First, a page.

On Friday, April 22, The Guardian revealed a six-minute video clip that is swamping Mainland China’s social media, although Chinese authorities have tried their best to censor it.

The video called The Voices of April, or in Chinese, features a collection of real audio clips from conversations recorded in Shanghai throughout April, showing the locals’ frustration with what they’ve been through during Shanghai’s contested prolonged lockdowns.

Under Shanghai’s black and white-themed skyline, the narrative starts with the early days of Shanghai when the authorities promised that no lockdown would be imposed. Rolling over throughout April is a series of audio snippets that compiled people’s distressing stories during the lockdown that has lasted for almost a month.

Going along the video, the viewers can hear the voices of the most common Shanghainese, from residents, delivery drivers, community workers, parents, and children to Covid patients, pet owners, and volunteers, among others.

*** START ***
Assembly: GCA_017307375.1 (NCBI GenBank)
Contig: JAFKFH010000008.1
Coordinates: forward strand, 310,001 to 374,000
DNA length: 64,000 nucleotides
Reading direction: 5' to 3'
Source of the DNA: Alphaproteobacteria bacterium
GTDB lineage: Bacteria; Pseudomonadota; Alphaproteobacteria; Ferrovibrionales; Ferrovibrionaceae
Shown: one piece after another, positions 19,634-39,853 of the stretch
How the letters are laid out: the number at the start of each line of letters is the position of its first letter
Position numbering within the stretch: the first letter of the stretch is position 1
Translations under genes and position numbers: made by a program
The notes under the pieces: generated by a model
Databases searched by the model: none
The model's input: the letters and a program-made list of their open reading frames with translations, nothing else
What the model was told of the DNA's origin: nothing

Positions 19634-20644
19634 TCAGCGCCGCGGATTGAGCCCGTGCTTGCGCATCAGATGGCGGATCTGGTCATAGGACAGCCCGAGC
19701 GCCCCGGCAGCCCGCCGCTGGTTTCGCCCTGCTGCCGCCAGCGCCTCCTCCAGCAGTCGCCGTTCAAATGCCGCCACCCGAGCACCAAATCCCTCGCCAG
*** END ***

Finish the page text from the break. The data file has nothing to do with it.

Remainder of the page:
It is the story of an ongoing food shortage crisis, parents and children being separated in quarantine sites, inaccessible healthcare and medical emergencies, centralized isolation sites with poor quality, and pet owners crying for their dogs being beaten to death by pandemic-control personnel.

The short documentary ends with a resounding message, or in English, “Shanghai, get better soon.”

The video was quickly censored after going online. But this time, Chinese netizens outwit the authority’s internet control with roundabout ways. For example, users embed a QR code to a movie poster which provides the download link. Others would provide links directing people to cloud services to get it.

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